If you compare it to a standard 7200 K SATA or SATA II drive, it won't be a NIGHT AN DAY difference, but you WILL notice that your apps and system performance will be alot snappier. Apps will load quicker and seek times will be faster. Before I got this raptor I was using one of my Maxtor drives for my O/S. When I bought the WD raptor, I definitely noticed a difference in system performance. Boot times seem to be quicker as well, but as I said earlier, it's not a night and day thing.

Don't get me wrong, I'm certainly not downing the Raptor's, and remember, you use your rig for different things that I do so you will notice performance gains where I may not. In addition to this, you will encounter arguments as to "why spend the money on a raptor when you can get this.. or get that" .

The bottom line is if you want a high performance hdd that is reliable, SCSI server speed, lots of space, and give your rig a "lil shot of adrenaline" then take a real GOOD LOOK at the WD Raptor 2 150 gig hdd.
I must say if I was able to spend a bit more coin, I would have gotten this piece of eye candy for my rig.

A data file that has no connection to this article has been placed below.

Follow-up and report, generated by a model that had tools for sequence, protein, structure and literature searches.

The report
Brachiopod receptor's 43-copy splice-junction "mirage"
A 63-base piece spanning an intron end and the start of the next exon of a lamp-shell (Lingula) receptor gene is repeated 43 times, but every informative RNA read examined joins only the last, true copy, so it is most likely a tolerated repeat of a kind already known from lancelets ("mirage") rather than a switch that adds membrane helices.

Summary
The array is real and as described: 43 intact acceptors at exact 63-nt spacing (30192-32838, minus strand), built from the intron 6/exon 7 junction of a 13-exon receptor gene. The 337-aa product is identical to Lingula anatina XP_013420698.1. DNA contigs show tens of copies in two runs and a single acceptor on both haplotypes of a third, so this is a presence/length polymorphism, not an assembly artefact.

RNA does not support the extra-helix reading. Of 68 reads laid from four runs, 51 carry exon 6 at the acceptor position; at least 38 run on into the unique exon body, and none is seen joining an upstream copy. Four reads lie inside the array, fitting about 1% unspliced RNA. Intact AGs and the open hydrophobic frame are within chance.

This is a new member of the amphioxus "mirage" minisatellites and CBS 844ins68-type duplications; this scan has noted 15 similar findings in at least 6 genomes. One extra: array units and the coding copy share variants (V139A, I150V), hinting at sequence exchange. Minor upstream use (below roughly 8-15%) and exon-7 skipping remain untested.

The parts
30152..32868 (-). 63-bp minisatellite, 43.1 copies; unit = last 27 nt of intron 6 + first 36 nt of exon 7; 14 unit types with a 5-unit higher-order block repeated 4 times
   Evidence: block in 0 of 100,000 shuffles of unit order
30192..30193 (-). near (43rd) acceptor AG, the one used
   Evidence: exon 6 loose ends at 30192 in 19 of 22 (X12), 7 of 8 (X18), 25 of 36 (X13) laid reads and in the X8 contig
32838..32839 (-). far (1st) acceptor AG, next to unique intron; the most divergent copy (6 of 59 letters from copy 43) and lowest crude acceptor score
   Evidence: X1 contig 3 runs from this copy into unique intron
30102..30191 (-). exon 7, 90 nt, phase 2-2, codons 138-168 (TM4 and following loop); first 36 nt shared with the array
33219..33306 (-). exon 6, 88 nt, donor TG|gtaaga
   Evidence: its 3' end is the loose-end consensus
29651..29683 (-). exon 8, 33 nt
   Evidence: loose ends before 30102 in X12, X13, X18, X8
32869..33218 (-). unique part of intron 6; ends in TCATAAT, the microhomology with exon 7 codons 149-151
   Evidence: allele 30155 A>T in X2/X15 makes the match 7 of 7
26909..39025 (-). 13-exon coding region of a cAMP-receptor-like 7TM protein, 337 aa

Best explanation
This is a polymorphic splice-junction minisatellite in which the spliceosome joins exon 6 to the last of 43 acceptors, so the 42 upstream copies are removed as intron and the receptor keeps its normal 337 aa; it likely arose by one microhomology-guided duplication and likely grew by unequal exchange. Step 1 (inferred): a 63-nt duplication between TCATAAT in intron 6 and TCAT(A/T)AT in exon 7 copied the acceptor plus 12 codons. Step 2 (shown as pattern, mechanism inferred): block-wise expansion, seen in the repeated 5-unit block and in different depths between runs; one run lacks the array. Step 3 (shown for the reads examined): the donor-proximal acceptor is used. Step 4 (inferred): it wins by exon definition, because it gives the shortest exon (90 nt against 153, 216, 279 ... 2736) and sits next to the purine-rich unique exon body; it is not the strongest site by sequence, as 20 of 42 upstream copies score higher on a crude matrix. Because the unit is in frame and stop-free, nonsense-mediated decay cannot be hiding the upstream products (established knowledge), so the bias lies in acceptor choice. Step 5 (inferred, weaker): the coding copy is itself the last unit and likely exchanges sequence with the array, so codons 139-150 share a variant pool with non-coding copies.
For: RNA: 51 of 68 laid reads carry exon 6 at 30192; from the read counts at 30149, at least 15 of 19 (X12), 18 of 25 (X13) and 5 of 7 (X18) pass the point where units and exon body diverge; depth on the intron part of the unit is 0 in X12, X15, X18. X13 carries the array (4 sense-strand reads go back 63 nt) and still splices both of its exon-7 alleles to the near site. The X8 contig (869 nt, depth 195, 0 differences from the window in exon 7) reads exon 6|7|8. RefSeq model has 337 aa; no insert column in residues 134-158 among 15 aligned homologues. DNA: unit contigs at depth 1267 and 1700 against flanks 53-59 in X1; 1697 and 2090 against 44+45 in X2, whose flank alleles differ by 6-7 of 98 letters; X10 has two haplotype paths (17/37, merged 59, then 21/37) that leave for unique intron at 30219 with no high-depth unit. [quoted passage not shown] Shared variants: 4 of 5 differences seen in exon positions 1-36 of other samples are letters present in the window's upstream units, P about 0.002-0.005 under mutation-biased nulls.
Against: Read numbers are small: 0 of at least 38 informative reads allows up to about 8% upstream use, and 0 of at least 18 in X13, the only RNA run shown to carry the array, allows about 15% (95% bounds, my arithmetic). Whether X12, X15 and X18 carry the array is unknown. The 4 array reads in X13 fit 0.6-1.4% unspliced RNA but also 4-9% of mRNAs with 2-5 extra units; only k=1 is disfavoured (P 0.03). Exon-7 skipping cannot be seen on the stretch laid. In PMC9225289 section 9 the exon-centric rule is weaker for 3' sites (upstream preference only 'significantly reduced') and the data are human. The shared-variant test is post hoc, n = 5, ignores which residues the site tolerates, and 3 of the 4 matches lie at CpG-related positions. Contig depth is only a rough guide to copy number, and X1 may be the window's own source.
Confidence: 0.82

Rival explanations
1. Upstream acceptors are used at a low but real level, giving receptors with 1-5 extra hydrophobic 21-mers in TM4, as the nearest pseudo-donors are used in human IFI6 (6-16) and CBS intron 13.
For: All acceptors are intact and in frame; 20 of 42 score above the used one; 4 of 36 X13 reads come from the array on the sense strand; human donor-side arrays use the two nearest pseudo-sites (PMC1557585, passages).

RIG specs
Antec P180 PerformanceSeries Mid-Tower Case
SeaSonic S12 600 watt power supply
Asus A8N32 SLI mobo AMD N-Force 4 SLIX16 (bios 1103 V02.58)
RealTek 97 onboard digital 5.1 Surround
AMD Athlon 64 X2 4800+ Toledo Core, 2 X 1mb L2 cache (AMD driver 1.3.1.0 w/MS hotfix & AMD Dual Core Optimizer)
2 gigs of Corsair TwinX3500LL Pro @ 437Mhz 2-3-2-6-1T
2- BFG 7900 GT OC 256mb in SLI (nvidia driver 91.31)
Western Digital RAPTOR 74.3 gig 10-K rpm HDD for XP & Apps
Maxtor SATA II 250 G HDD for gaming, movies, MP3's
Maxtor SATA II 250 G HDD for document backup (unplugged)
Sony CDrom 52X
Plextor 708-A DVD/CD rom
Logitech Z-5500 Digital 5.1 THX 500watts
August 11, 2006 1:18:25 PM

Outside the Raptor 150 category

The Seagate 7200.10 320 GB fits the big & fast & affordable category. The 7200.10 750 GB is even bigger, but not as affordable. Both have higher-than normal density, and the new-fangled perpendicular recording format.

Their sequential transfer rates are among the best -- even in PATA. STR approaches 80 MB/s! That's a good 10-20 MB/s higher than what you might see in a comparable sized Maxtor for example. Definitely fast.

However, I'm pretty sure that it's overall desktop performance is not the best -- there's much more to overall performance than just the STR, in electronics, firmware, etc. However, if you want do HD Tach graphs / other sequential transfer benchmarks (and tasks) well, then the new Seagate will do that very well. I'd suggest them for a two or more drive setup.
August 11, 2006 1:27:51 PM

Hey Mad,
What exactly IS this perpendicular rec format thingy :?

I have seen this mentioned in other related articles. Do you know anything about it? If not I can always google it....just thought I'd ask... :)